It can be frightening for any parent if their child is arrested or charged with a criminal offense. The juvenile justice system is complex and challenging to navigate, with cases developing based on individual circumstances and many variables including the type of offense, the child’s behavior, and their willful conduct. If your child with special needs faces criminal accusation, it is important for you to contact an experienced education rights attorney as soon as possible to ensure their rights are protected throughout all stages of the case.
Not only are criminal charges scary, but there are many repercussions that follow legal trouble. Students may face suspension, expulsion, as well as academic consequences, depending on the allegations brought against them, their history of behavior, and the specifics of the school’s Code of Conduct. Having an understanding education rights attorney by your side throughout the process will provide you and your child with the foundation for future success.
Should your child be held in a detention facility it is important to be an advocate for their educational needs.
What is Juvenile Delinquency?
Cases of juvenile delinquency involve criminal charges brought against a person under the age of 18 who has engaged in unlawful conduct. The goal of the juvenile court justice system is to provide treatment and rehabilitation to offenders rather than punish them.
Some common juvenile delinquency charges include:
- Property crimes
- Criminal mischief
- Domestic violence
- Drug-related offenses
Special Education in Juvenile Justice Programs
According to data from the Prison Policy Initiative over 43,000 children are incarcerated on any given day within the US justice system. A number of studies conducted in the last decade have found that there is a high rate of special education needs among adjudicated children. Research has identified that a disproportionate number of students in judicial education programs qualify for special education services when compared to children in a typical school population. A study by The Council for Exceptional Children found that on average 33% of children in juvenile justice programs are receiving special education services with a significant number being identified as having emotional or behavioral disorders and learning disabilities.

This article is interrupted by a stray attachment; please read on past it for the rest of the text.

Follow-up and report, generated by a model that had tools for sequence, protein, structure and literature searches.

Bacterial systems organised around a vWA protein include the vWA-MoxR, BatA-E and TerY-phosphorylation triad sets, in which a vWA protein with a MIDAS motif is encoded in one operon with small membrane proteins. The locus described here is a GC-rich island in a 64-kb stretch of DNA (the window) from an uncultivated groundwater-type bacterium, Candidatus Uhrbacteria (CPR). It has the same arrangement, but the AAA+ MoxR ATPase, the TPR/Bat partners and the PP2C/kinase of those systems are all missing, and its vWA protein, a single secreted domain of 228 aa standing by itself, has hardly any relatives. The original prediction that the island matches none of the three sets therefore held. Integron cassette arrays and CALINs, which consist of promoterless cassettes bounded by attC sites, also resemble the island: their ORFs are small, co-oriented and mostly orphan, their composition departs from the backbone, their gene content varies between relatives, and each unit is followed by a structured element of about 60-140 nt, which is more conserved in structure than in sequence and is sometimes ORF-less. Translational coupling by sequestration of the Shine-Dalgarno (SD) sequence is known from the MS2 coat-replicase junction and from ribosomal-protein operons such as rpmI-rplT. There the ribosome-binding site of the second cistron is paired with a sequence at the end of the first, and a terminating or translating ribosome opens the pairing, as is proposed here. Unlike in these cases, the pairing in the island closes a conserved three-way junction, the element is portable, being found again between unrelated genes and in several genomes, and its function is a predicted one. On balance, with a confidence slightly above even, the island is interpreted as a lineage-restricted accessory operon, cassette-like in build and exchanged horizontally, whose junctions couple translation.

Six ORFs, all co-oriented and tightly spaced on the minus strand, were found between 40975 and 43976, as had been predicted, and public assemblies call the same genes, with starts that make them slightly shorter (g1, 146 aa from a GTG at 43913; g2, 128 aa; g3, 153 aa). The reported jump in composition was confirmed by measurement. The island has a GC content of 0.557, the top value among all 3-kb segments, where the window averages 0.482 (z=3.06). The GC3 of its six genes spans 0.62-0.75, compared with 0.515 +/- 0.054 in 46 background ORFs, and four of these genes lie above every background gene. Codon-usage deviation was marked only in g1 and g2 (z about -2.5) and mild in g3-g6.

Children with disabilities and special needs are at an increased risk for delinquency and involvement in the justice system. All IDEA protections apply to students with disabilities in detention facilities. Students with disabilities charged with convictions still have rights under Section 504 of the Individuals with Disabilities Education Act and/or the Americans with Disabilities Act. All too often, children with special needs do not receive the services they are entitled to by law.
As in any educational program in the US, schools within the court system are required to provide students with any and all required services, IEP meetings, and assessments. In California, students with disabilities in a detention center for longer than 20 school days must also be provided with a re-entry plan for their course of action upon returning to their traditional school setting.
Connecting with an experienced education rights attorney can help you identify the rights and services your child deserves and hold decision-makers accountable for keeping those rights intact.
The Role of an IEP in the Courtroom
An Individualized Education Plan is a written document that details the special education and related services a student with special needs will receive in the school setting and includes the child’s eligibility, educational performance, related services, accommodations, and goals.
Not only do IEPs serve as a tool in a child’s education, but they can offer insight into why a child exhibits certain behaviors, lacks decision-making skills, or cannot control himself, among many other scenarios. In criminal cases, an attorney who understands the child’s needs can use an IEP to help a judge decipher the child’s disability and differentiate which behaviors conform with a diagnosis and which behaviors do not in order to make an informed decision.
Here’s How We Can Help
Education rights attorney, Jennifer Chang believes in protecting students’ rights under both federal and California state laws. If your child is facing juvenile delinquency charges based on behaviors outlined in their IEP, or if you believe their behaviors indicate a need for assessment, the law offices of Jennifer Chang will fight vigorously on your child’s behalf to ensure they receive the legal services that are entitled to them.